4) in the order and due measure by which all words and deeds reflect an underlying moderation and self-control (Temperance and Moderation).
So obligations, which bring us to that which is honorable, are duties that are wise, outwardly just, beneficent, and magnanimous acts, and are inwardly acts of temperance and moderation. These are distinctly Christian-sounding virtues coming from a Roman politician in the middle of the first century BC. I found this fascinating on several levels. It does speak to our image-bearing and that residual memory and knowledge of God we try so hard to suppress, but the parallels between Cicero and Christian ethics were so striking, so eerily similar, that I could not help but look further into it.
As it turns out, this book, which was merely an impulse purchase to move Cicero from my would-like-to-read list onto the I-now-own-it-so-read-it list, is one of the most influential books in the development of Western society and the Church. It lost prominence during the Romantic Period in the early nineteenth century where emotion and sincerity replaced honor and an external Good as the primary measure of one’s actions. The short list of those influenced by On Obligations would have to include the Church Fathers Ambrose, Augustine, and Jerome, Charlemagne, Thomas Aquinas, and King James I as well as the Reformation Era humanists Erasmus and Melanchthon. Further, the two political philosophers who had the greatest influence on our country’s founding fathers, John Locke and Charles Montesquieu, also reveal Cicero’s influence on their thinking. The moral philosophies of David Hume and Immanuel Kant, whose lasting influence is felt yet today, are reasoned through in terms of On Obligations. Most of us know the first book printed on Gutenberg’s press was the Bible. Any guesses as to the second? Correct. Cicero’s On Obligations. This barely 120-page treatise which helped shape the ethics of the Church and Western society for 1500 years, of which many of us have never heard.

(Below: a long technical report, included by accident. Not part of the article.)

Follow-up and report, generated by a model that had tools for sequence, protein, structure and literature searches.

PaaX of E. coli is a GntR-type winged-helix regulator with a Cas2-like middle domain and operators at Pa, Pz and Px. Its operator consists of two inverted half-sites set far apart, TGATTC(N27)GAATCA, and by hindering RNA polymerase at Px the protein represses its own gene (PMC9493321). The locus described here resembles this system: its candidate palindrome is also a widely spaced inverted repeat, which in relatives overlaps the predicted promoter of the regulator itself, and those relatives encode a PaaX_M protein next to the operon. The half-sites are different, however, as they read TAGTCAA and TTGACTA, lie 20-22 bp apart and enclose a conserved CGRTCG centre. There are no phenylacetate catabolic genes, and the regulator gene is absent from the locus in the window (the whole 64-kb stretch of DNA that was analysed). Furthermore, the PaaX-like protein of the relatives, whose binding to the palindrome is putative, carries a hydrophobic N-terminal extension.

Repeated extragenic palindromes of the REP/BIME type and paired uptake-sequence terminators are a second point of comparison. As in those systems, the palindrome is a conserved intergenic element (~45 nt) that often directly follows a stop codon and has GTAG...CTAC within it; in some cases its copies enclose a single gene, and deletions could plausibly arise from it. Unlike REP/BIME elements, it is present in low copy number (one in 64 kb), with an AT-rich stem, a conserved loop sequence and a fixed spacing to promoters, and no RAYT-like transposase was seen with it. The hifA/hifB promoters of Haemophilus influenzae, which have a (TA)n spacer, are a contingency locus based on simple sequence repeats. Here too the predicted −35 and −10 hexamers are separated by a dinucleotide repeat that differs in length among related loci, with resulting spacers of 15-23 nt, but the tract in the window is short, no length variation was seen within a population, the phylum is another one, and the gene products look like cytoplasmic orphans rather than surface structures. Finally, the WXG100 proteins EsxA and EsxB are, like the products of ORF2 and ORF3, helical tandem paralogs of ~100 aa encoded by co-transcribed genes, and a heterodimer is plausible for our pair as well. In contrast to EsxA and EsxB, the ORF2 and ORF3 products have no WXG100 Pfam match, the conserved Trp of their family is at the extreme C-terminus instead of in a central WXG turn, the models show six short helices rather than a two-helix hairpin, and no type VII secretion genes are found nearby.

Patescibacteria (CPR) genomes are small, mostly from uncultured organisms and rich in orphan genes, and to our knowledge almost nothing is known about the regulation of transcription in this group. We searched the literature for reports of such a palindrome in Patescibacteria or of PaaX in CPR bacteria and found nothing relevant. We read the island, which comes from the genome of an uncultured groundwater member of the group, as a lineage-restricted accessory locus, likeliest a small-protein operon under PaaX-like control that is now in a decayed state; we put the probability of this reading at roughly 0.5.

Generally speaking, I am not terribly interested in politics. But, I happen to have a son on the brink of thirteen, and we are well into one of those drawn out presidential election cycles. Election news will be all over print and broadcast media for the foreseeable future and I cannot help but think On Obligations will help us both to observe the candidates and their campaigns and think through their positions as well as the cacophony of commentary that is bound to follow. Not only in politics, but more broadly in our day to day interactions with other people, On Obligations will continue to cultivate in us that which is virtuous and wise; it will drive us to pursue truth, goodness, and beauty.
By Daniel E. James
Daniel E. James, AS, BS, MDiv Dan has been a part of the classical Christian education renewal for the past fifteen years and has taught dialectic and rhetoric students in a classical Christian school for five years. He is currently homeschooling two of his three children and serves as a live-online teacher at Scholé Academy by Classical Academic Press. This coming school year he will be teaching Systematic Theology and Apologetics/World Religions online (available to rhetoric homeschool students). Dan has a lifelong love of learning and fully embraces the liberal arts tradition, acknowledging that it is in this tradition that truth, goodness, and beauty unfold moment by moment.